Hero: Lost Kingman boy makes it home thanks to an act of kindness

Kingman Middle School eighth-grader Levi Cortez receives an award from Kingman Police Department Chief Rusty Cooper after helping a lost boy get to safety. (Courtesy photo)

Kingman Middle School eighth-grader Levi Cortez receives an award from Kingman Police Department Chief Rusty Cooper after helping a lost boy get to safety. (Courtesy photo)

KINGMAN – Levi Cortez, 13, of Kingman was recently awarded for his heroic and selfless act of getting a lost and injured child to safety.

When Cortez and his friend Shamar Lemon spent the beginning of summer wandering around outside, they were approached by a 7-year-old boy who was scared because he was lost. Cortez said “he seemed a bit off” because he didn’t know who he was and couldn’t remember where he lived.

“He started acting strange and I could tell something was wrong,” Cortez said.

The boy told Cortez and Lemon that he fell and hit his head before falling asleep. When he woke up, he was confused and lost. The boys walked with the child to try and help him find his house.

However, Cortez and Lemon made the decision to take him to the emergency room so staff could help find his parents and get medical attention, especially since he couldn’t remember basic details about his life.

“He was getting so tired and we started giving him piggy back rides,” Cortez said. “He started getting really scared because it was already getting dark and he couldn’t remember where his home was.”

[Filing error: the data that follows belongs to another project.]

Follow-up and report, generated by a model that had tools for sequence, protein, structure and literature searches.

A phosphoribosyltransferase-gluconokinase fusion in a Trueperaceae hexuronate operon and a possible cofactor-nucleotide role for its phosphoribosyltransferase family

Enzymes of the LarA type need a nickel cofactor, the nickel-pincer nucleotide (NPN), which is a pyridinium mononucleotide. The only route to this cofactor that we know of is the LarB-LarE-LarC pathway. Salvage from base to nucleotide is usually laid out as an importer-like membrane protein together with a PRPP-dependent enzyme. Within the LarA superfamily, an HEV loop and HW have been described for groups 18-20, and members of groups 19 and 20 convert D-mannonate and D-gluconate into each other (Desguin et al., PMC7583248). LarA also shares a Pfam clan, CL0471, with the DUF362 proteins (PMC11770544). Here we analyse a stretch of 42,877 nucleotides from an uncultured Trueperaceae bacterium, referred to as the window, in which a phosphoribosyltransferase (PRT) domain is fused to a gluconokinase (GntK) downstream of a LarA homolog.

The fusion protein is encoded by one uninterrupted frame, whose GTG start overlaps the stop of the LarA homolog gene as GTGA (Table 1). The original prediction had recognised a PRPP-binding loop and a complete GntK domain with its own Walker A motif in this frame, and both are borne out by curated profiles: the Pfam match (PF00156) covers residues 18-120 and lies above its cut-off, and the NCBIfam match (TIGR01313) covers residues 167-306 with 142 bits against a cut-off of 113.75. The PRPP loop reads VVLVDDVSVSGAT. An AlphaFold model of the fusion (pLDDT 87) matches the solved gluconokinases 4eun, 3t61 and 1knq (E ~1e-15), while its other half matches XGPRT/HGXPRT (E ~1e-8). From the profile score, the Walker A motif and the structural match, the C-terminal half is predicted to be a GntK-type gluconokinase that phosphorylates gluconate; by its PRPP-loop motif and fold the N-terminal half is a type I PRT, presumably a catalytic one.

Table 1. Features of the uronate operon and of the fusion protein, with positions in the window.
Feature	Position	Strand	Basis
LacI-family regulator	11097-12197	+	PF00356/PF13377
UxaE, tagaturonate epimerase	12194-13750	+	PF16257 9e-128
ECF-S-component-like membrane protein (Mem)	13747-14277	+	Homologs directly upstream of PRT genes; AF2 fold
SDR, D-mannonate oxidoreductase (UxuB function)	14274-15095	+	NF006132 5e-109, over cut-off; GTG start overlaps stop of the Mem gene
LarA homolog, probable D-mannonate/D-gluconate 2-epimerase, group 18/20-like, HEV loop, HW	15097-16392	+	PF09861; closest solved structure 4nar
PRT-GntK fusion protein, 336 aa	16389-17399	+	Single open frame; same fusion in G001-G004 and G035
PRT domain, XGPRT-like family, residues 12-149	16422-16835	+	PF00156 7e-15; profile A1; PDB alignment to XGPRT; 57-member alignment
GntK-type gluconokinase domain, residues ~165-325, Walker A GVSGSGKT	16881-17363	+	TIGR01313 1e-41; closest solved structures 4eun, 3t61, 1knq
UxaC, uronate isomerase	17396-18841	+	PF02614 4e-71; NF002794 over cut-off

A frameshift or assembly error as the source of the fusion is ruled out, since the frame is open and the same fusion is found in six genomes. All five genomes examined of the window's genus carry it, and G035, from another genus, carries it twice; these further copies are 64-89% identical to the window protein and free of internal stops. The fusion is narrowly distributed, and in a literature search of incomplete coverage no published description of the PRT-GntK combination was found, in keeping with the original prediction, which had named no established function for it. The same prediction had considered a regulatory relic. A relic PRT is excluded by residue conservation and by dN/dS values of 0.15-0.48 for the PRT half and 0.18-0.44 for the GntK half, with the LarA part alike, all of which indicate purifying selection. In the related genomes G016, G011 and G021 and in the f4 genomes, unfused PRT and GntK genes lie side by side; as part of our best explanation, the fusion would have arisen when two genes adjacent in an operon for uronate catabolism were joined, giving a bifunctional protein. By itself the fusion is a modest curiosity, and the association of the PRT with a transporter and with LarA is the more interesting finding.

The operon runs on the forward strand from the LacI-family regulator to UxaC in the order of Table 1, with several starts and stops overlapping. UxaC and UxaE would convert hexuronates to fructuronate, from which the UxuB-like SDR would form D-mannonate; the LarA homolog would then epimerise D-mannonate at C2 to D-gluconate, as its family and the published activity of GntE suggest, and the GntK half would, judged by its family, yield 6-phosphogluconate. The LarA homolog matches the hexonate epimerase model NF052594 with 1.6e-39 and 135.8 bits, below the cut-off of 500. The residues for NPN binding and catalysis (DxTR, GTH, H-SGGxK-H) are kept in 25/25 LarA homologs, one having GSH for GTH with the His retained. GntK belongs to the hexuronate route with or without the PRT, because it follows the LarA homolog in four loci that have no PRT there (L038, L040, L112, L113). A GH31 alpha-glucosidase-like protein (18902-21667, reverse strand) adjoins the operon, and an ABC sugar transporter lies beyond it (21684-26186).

When they got to the hospital, staff at the front desk called the police to help find his parents and ask Cortez and Lemon questions. Cortez said his phone died during the walk, so he was able to contact his mom from the hospital to let her know he was safe.

Cortez and Lemon never found out what happened to the boy because their parents picked them up before a diagnosis. Cortez said he was just focused on getting the boy to a safe place and couldn’t recall his name. However, the young boy made it home safely.

Kingman Police Department and Kingman Middle School recognized Cortez and Lemon’s kind actions at a recent assembly. Lemon moved over the summer and wasn’t present at the assembly.

“I thought it was pretty cool how they made me feel special and not some average kid at school. It was a really cool experience,” Cortez said.

The eighth grader received a KPD thermos and a Route 66 gold coin to applaud him for his swift actions to help the kid and take him to a safe place. While Cortez was acknowledged for his heroic actions, he doesn’t consider himself a hero.

“I don’t really consider myself a hero, but I really appreciate everyone who thinks that,” Cortez said. “Just be yourself and always help someone in need.”

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